Combining RETC and LIHTC: Structures, Timing and Allocation Considerations
This month, in the Journal’s annual low-income housing tax credit (LIHTC) issue, we’re going to consider strategies and consequences of pairing LIHTCs with renewable energy tax credits (RETCs).
For this purpose, we’ll be discussing solar investment tax credits (ITCs), although wind (including small wind) and geothermal may give rise to similar tax credits, often with different timetables and percentages. And, of course, the timetables and rates are the subject of frequent legislative proposals and IRS guidance. It’s crucial to double-check for the latest rules before undertaking a project.
First, let’s consider the basics. Here’s how LIHTCs and RETCs are similar:
- they are both computed as a percentage of the cost of eligible property; and
- depending on the facts, both credits can be claimed on the same expenditures.
Here’s how they are different:
- The LIHTC is claimed over 10 years; the RETC is claimed all at once;
- The LIHTC investor can enter the deal after the facility is “placed in service” and still claim most (or even all) of the LIHTC; in general, the RETC accrues on placement in service, although deferral may be possible;
- The LIHTC does not have any basis reduction; the RETC generally does, although, again, basis reduction can be avoided with a more complex deal structure. The RETC basis reduction for non-lease-pass-through transactions is 50% of the credit. For example, a $500,000 pre-2020 project would generate 30% of $500,000, or $150,000 in credits, and results in a $75,000 basis reduction for depreciation and LIHTC (where applicable) purposes;
- LIHTCs are shared by partners/members of a partnership/LLC in accordance with allocations of depreciation, while RETCs are shared in accordance with allocations of profit;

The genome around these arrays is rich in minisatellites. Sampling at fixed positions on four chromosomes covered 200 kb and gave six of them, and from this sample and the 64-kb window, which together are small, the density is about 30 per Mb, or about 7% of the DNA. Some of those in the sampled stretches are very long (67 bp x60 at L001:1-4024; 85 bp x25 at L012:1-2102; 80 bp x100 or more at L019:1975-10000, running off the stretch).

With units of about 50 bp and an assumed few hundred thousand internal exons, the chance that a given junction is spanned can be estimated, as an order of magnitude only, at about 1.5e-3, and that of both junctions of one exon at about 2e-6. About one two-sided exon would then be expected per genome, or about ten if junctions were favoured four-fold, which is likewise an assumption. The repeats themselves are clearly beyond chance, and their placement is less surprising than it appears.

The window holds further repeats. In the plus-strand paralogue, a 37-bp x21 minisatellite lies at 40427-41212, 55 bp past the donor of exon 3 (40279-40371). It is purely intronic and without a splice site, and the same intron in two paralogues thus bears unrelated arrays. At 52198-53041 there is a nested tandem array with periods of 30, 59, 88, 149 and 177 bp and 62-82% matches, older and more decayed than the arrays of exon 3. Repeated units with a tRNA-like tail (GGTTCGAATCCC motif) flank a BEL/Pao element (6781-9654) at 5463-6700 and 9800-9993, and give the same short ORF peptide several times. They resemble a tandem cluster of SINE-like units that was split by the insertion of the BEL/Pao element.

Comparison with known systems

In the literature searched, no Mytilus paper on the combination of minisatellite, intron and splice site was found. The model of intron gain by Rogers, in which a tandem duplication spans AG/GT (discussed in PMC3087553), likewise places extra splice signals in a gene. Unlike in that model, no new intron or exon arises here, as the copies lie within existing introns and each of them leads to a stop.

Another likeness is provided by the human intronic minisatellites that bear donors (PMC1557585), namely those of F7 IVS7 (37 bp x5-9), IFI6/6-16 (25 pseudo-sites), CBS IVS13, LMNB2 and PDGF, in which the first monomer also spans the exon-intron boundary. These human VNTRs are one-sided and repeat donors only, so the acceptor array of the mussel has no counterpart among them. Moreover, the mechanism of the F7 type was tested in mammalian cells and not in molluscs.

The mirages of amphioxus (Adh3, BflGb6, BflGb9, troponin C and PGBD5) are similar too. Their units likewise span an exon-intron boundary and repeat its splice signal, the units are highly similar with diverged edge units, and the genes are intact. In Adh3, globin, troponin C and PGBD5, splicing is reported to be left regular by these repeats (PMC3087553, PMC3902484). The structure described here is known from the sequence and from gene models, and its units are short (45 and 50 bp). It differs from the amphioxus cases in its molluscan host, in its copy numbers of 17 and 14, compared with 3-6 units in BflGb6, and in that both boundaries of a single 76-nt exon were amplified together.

- The actual amount of the LIHTC must be approved by a state agency; the RETC is claimed as of right.
- The credit percentage for the RETC can vary based on when the project began construction (30% for pre-2020, 26% for 2021-22, 22% for 2023, provided the project is placed in service before 2024; otherwise, 10%). The LIHTC percentage is generally locked at 9% or 4% (times 10 years, so 90% or 40%), depending on whether the property is new construction or substantial rehabilitation that is not bond financed (9%), or acquisition of an existing building and/or bond financed (4%).
Now, let’s consider some basic deal structures:
- LIHTC partnership owns solar, and uses it to provide its own or its tenants’ energy needs. As part of the housing development and benefiting the one project or the tenants, the cost of the solar should qualify for both the LIHTC and the RETC. Indeed, in an appropriate situation, the credits can exceed the cost of the facility. For example, consider a $1 million solar facility on a 9% LIHTC project that began construction in 2021 and was placed in service in 2024. The total credits would be 26% times $1 million, or $260,000 of RETCs, plus as much as 9% times 10 years times $1 million less $130,000, or $783,000 of LIHTCs, a total of $1,043,000. But don’t miss the discussion of timing in the next section;
- LIHTC partnership owns solar, and uses it to sell electricity to the grid. This constitutes commercial use of the solar and is therefore eligible for the RETC, but not the 4%/9% (times 10 years) LIHTC;